“ONLY YOU” is a conceptual narrative portrait series chronicling a woman’s emotions as she traverses a metaphorical landscape of love, loss, abuse and betrayal. Each artwork is part of the greater narrative of her story. The series is based on autobiographical experiences of the artist. It was photographed on a medium format RZ camera as well as on HD video. The limited edition photographs and welded steel sculptures were completed in 2017 and unveiled last November at The Untitled Space gallery along with a dance performance by Bryn Cohn + Artists inspired by the series. Photography from the series was additionally featured at CICA Museum, South Korea as part of their January exhibition “Portrait 2018”.

The video art edition of “ONLY YOU” premiered at Art Basel Miami for an exhibition in collaboration with American Friends of The Louvre and Miami Art Museum. The video has additionally been screened internationally at exhibitions including “Factory Project” at London’s Red Bull Studios in collaboration with Graffik Gallery, at an event for Cannes Film Festival in France, and at the Big Screen Plaza in Chelsea, New York.

Indira Cesarine is a multimedia artist who works with photography, video, painting, printmaking and sculpture. A graduate of Columbia University with a triple major in Art History, French and Women’s Studies, she additionally studied art and photography at Parsons School of Design, International Center of Photography, School of Visual Arts, The Art Students League and New York Academy of Art. Cesarine had her first solo show at the age of sixteen at Paul Mellon Arts Center.

Empowering feminist themes are often the point of departure for Cesarine’s multi-sensory series. Her artwork questions the place of humanity in context with contemporary civilization and is often influenced by autobiographical content and women’s history at large. As a multi-disciplinarian artist she works across several mediums and techniques to convey a rich and diverse narrative, with an emphasis on thematic subject matter that engages a narrative of social discourse and art activism.

Her artwork has been featured internationally at many art galleries, museums and festivals, including The Metropolitan Museum of Art, Mattatuck Museum, CICA Museum, Getty Images Gallery, French Embassy Cultural Center, Museum of Contemporary Art San Diego, Art Basel Miami, Cannes Film Festival and the International Festival Photo Mode to name a few. In 2014, her public art sculpture, “The Egg of Light” was exhibited at Rockefeller Center as part of the Fabergé Big Egg Hunt. Her work was recently auctioned at Sotheby’s New York for the annual “Take Home A Nude” art benefit.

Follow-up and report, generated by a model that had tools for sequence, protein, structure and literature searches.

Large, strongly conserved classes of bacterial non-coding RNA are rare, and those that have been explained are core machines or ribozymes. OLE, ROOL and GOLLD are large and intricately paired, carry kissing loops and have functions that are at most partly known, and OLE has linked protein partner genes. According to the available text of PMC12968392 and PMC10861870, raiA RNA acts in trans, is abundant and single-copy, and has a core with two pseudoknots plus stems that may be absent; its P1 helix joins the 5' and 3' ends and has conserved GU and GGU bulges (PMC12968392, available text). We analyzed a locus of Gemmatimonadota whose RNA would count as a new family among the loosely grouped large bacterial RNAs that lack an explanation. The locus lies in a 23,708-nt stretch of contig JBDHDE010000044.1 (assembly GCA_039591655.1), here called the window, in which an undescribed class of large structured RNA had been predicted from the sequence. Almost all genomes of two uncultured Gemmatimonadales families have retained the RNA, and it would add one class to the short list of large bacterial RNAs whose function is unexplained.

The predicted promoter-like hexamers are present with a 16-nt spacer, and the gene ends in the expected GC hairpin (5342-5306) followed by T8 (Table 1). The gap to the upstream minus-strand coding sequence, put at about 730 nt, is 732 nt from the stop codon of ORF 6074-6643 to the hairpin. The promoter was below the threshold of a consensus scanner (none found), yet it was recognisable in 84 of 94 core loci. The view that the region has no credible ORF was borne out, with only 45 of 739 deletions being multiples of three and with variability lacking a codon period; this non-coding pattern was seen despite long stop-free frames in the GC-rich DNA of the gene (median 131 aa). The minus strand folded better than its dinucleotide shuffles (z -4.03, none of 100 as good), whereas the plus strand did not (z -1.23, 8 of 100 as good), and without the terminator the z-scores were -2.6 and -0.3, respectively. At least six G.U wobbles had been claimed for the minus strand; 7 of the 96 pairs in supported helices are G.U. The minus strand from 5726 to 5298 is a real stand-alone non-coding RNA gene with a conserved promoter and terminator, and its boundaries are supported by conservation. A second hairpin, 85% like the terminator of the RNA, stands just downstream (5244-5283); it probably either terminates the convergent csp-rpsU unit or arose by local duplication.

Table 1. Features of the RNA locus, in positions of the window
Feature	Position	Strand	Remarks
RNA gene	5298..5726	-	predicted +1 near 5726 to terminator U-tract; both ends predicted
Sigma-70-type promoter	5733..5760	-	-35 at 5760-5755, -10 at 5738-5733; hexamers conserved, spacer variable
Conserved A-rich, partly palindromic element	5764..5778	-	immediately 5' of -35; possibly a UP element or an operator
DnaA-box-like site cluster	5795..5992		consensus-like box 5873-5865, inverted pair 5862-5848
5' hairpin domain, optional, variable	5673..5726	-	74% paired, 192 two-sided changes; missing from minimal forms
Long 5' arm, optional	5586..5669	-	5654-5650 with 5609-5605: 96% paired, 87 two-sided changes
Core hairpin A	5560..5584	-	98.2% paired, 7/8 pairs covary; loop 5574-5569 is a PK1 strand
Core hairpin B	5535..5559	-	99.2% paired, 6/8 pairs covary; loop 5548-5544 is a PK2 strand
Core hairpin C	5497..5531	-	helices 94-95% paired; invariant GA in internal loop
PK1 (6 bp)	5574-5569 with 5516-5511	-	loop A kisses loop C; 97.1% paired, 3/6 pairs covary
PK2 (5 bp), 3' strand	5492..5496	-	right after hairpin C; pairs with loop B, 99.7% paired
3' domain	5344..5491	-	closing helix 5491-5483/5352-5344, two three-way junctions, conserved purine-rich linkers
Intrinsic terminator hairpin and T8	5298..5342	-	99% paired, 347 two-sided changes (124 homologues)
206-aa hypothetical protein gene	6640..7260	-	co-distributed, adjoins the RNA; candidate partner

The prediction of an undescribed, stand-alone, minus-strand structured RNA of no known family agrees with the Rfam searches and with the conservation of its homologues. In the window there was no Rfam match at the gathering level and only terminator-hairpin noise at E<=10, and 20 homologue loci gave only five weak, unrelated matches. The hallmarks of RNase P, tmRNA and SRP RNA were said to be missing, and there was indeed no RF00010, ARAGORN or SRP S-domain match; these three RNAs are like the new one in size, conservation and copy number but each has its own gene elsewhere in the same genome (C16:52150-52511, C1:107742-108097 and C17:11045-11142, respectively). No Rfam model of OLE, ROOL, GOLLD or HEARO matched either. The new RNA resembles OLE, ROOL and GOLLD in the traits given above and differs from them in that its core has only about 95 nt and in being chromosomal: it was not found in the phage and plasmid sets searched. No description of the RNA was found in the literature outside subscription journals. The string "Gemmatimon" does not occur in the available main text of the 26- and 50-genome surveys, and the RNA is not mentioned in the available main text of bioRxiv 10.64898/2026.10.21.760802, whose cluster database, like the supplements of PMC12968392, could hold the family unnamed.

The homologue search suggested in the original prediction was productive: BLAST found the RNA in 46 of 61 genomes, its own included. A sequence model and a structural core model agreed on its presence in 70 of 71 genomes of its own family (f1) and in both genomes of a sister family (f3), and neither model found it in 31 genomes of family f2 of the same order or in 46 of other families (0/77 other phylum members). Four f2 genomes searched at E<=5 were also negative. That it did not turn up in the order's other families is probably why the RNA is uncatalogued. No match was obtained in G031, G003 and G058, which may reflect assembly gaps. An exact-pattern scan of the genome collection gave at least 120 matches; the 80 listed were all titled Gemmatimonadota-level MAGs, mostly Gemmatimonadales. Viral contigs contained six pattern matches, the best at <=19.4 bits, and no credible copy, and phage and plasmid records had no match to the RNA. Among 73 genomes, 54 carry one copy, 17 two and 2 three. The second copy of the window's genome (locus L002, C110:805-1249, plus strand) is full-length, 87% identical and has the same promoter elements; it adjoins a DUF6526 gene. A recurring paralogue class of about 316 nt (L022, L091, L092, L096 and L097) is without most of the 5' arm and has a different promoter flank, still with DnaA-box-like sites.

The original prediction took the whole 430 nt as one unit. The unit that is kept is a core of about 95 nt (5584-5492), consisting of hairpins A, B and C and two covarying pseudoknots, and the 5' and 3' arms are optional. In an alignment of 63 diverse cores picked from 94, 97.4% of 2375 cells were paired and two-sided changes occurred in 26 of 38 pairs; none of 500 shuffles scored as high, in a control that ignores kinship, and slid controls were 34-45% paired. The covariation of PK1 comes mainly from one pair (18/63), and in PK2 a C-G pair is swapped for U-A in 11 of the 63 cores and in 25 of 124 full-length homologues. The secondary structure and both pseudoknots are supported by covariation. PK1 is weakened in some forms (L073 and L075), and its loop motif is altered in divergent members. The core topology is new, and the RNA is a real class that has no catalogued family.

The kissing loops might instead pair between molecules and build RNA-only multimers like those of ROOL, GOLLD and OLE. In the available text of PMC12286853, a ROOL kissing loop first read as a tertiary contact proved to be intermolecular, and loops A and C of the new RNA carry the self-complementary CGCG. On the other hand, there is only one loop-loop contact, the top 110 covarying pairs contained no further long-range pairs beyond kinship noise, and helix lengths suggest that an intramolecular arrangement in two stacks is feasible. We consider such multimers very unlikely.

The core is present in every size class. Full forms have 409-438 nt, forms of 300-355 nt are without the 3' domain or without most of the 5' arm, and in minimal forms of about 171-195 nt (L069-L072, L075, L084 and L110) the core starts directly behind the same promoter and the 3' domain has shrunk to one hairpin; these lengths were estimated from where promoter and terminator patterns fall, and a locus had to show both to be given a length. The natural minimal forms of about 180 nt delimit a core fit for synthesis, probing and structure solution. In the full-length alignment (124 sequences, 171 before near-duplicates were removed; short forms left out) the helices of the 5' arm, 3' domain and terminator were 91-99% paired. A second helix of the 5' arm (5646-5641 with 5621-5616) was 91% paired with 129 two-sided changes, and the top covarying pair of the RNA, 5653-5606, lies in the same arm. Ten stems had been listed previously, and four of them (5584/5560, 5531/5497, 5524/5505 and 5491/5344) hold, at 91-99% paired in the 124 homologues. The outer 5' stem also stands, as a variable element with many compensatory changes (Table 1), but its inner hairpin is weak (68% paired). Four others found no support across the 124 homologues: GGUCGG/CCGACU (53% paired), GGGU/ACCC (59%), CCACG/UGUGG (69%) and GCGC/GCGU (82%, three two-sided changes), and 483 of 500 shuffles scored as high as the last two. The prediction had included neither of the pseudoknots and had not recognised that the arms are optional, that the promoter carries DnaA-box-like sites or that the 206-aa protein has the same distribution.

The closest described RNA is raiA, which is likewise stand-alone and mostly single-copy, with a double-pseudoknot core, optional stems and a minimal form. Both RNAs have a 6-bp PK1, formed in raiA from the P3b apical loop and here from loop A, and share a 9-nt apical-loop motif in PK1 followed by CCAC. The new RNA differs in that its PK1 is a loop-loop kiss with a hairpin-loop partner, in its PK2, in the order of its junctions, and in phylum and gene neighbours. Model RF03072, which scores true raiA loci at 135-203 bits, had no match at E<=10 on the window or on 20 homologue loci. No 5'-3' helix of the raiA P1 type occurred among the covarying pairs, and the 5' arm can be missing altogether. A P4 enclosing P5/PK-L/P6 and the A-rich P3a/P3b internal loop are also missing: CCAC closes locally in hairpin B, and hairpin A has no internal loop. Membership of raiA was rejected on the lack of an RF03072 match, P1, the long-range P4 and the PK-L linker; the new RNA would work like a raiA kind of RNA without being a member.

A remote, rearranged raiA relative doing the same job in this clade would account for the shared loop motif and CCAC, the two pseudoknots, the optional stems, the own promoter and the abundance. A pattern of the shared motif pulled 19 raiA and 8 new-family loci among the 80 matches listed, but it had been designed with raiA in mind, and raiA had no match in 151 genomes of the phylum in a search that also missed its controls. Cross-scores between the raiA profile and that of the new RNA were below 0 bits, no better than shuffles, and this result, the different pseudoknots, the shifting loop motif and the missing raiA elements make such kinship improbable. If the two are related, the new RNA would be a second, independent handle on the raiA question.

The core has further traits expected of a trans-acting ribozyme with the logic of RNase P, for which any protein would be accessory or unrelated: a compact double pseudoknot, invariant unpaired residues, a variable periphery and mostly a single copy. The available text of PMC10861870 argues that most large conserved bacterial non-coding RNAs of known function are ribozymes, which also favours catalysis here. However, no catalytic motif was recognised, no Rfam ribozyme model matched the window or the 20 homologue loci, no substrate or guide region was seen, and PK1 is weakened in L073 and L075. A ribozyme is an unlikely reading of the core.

“ONLY YOU, No 10″

ARTIST’S STATEMENT

“’ONLY YOU’ is an autobiographic series that I photographed and directed, working with a model to reenact sentiments I was feeling. This series tells the story not just of my emotional trauma, but that of many women who have been abused and betrayed by people they trusted, and how difficult it can be to process those emotions. In light of the #MeToo movement, many women are finding the strength to tell their stories. I have had many experiences that have crossed the line, in my personal life as well as throughout my career, and this series resonates with me as particularly relevant, a metaphorical mirror of how many women are feeling right now. You can feel the emotions in this series—they range from anger to sadness to disbelief to shame…frustration, fear— It’s an emotive series that focuses on the eyes as a portal.” – Indira Cesarine

“ONLY YOU, No 26”

ABOUT ARTHELIX + SHIMArtHelix, located in Bushwick, Brooklyn, presents solo and group art exhibitions and hosts lectures, symposia, and other cultural events. ArtHelix creates a meta-art space, a place where art is not only displayed and offered for sale, but also where it can be openly discussed and challenged, a hub or “helix” from which culture can be reimagined.

SHIM is a full service arts management company that helps artists present professional quality exhibitions by and for themselves without gallery commissions or lease. SHIM’s flagship location exists within ArtHelix gallery in Bushwick, Brooklyn.

For more info visit SCOPE-ART.COM